• Every command should have a detailed explanation, including options and flags as necessary.

  • If you’re asking the reader to make some changes in a configuration file, first explain what it does and why you’re asking the reader to make those changes.

This article is a good reference for what a code tutorial should look like.

Steps in code instructions

Each step begins with a level 3 heading.

The Step sections are the parts of your tutorial where you describe what the reader needs to do and why. A step contains commands, code listings, and files and provides explanations that not only explain what to do but also why you’re doing it this way.

All commands a reader must run should be on their own line in their own code block, and each command should be preceded by a description that explains what the command does. After the command, provide additional details about the command, such as what the arguments do and why your reader is using them.

Guidelines on Images

Here are the guidelines for image assets in our articles:

  • Share images in webp format.
  • Share product screenshots in dark mode.
  • We use Excalidraw to create architecture diagrams or any diagram required to explain a concept.
  • Only share pictures from the internet where it is absolutely required. Always mention the source of the image in those cases.

How to convert png, jpg and jpeg to webp format on macOS.

The below commands will convert all the images in a particular folder to webp format.

Put all your image assets in a folder. From the macOS terminal, run the following commands inside that folder.

For jpg:

for file in *.jpg; do    
cwebp -q 80 "$file" -o "${file%.jpg}.webp"

For png:

for file in *.png; do    
cwebp -q 80 "$file" -o "${file%.png}.webp"

For jpeg:

for file in *.jpeg; do    
cwebp -q 80 "$file" -o "${file%.jpeg}.webp"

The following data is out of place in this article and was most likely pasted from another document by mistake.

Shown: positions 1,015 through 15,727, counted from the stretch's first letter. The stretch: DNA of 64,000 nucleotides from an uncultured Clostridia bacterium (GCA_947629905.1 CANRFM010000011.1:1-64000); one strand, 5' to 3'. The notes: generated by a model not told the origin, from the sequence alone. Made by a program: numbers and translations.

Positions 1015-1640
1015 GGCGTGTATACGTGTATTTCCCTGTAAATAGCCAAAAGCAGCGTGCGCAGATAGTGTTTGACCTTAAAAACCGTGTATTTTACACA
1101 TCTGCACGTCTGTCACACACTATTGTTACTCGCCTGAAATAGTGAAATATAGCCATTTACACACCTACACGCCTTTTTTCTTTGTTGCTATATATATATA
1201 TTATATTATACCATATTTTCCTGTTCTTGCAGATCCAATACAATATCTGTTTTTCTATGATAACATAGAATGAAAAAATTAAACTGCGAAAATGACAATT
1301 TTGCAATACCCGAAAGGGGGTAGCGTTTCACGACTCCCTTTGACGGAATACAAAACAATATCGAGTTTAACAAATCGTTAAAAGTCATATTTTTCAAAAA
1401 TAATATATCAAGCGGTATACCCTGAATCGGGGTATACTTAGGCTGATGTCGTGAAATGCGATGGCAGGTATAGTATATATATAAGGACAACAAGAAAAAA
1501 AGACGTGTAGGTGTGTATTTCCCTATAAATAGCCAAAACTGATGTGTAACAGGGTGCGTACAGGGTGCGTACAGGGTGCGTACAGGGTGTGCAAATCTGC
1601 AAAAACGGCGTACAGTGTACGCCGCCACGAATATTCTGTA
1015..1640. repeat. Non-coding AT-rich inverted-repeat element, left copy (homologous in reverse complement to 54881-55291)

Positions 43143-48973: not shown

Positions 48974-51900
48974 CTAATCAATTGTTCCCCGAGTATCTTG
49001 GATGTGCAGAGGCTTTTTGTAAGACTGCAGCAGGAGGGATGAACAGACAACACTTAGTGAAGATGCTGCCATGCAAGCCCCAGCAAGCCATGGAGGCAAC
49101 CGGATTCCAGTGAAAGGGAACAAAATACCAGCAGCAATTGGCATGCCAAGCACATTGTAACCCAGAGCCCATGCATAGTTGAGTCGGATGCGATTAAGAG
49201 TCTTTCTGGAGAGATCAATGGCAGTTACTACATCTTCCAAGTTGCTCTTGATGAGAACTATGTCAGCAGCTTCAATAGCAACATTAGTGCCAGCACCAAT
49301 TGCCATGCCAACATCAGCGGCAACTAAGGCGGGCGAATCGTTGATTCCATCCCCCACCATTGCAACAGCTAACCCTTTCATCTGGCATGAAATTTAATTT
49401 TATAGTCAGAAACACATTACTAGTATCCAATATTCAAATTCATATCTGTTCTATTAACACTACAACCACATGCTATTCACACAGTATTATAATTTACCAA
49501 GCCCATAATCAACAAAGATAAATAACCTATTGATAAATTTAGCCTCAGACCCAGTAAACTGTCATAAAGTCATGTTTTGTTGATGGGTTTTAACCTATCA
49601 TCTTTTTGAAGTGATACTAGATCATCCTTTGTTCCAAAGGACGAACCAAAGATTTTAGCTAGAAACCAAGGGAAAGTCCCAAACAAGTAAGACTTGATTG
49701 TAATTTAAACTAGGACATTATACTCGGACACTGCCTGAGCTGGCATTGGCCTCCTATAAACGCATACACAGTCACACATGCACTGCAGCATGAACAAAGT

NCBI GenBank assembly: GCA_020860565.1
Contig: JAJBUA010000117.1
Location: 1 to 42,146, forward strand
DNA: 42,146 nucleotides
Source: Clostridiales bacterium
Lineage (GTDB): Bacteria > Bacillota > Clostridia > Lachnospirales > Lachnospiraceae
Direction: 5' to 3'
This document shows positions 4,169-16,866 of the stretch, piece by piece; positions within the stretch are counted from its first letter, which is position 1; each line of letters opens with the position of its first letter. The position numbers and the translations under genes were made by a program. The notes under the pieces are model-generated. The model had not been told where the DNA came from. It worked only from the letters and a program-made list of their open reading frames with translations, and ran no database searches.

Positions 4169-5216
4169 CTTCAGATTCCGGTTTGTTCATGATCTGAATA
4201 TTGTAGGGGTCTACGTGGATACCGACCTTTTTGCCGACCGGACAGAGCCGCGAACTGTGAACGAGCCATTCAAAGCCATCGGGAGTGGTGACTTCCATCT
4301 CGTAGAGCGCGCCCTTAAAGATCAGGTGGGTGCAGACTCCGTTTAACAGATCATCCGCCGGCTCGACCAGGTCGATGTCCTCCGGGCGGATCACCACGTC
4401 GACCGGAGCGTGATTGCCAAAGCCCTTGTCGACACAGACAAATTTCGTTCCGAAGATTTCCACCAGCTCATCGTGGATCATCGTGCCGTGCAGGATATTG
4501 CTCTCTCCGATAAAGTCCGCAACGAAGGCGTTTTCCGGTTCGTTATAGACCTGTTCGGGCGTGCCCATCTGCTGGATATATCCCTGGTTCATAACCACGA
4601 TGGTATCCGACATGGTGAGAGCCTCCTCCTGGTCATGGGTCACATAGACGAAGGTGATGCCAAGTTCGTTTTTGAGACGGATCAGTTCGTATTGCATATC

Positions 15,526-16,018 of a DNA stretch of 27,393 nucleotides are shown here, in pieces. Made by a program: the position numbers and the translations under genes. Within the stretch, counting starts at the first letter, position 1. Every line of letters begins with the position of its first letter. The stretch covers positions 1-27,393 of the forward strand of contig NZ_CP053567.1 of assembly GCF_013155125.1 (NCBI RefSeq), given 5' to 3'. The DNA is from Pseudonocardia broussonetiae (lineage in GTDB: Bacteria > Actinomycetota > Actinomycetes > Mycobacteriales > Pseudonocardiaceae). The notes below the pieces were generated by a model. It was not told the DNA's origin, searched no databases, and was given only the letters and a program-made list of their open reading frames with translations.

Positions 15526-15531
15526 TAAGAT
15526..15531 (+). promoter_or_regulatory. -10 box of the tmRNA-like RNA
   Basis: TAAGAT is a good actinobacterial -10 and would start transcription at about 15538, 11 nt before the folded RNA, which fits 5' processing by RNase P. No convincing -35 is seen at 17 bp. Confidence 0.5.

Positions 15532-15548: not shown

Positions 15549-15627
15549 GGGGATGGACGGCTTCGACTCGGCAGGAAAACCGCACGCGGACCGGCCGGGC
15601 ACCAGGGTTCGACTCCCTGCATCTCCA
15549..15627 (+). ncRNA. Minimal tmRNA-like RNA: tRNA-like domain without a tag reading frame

Guidelines for submitting proposals

You can submit your proposals with this application form. We evaluate two things when you submit a proposal in our technical writing program:

  • Quality of your sample writings
    Your sample writings should demonstrate a clear understanding of a concept. Code tutorials should have well-defined instructions that enable readers to level up their skills.

  • Outline of the proposed article
    Before submitting a proposal, please go through the details of our technical writing program to get an idea of topics that we like.

Let’s walk you through an example of how to come up with an outline for an article. The shared framework will help you create the outline. Let’s suppose that you are writing a “How-To” Guide with OpenTelemetry.

Define what you want readers to accomplish

First, decide on what you want to write about. OpenTelemetry can help you generate and collect three types of signals - logs, metrics, and traces. It provides SDKs in almost all major programming languages.

There are also other components, like the OpenTelemetry Collector. But rather than focusing on what’s available in OpenTelemetry, you can focus on the learning outcome for readers. For example, the reader wants to collect Nginx logs, parse them, and create an alert on error logs. Once you have finalized the outcome, then decide on the components of technology needed.

Decide the scope

It’s good to narrow down the scope of the article. You let readers accomplish a task well. We can do a series of articles if there are deeper use cases.

List down the tasks and components required

Once you have narrowed down the outcome and scope of the article, think of what’s involved with the outcome you’re trying to achieve. Think of all the processes involved, like deploying an Opentelemetry collector, sending data to SigNoz, etc. Collect all the processes and components involved and write them down.

Organizing the tasks and processes in an outline**

The previous step will give you the list of tasks and processes involved. The next step is to organize them. Finalize the outline and add some details about each section. Tell us in a few words what the reader will do with each section and why it is important.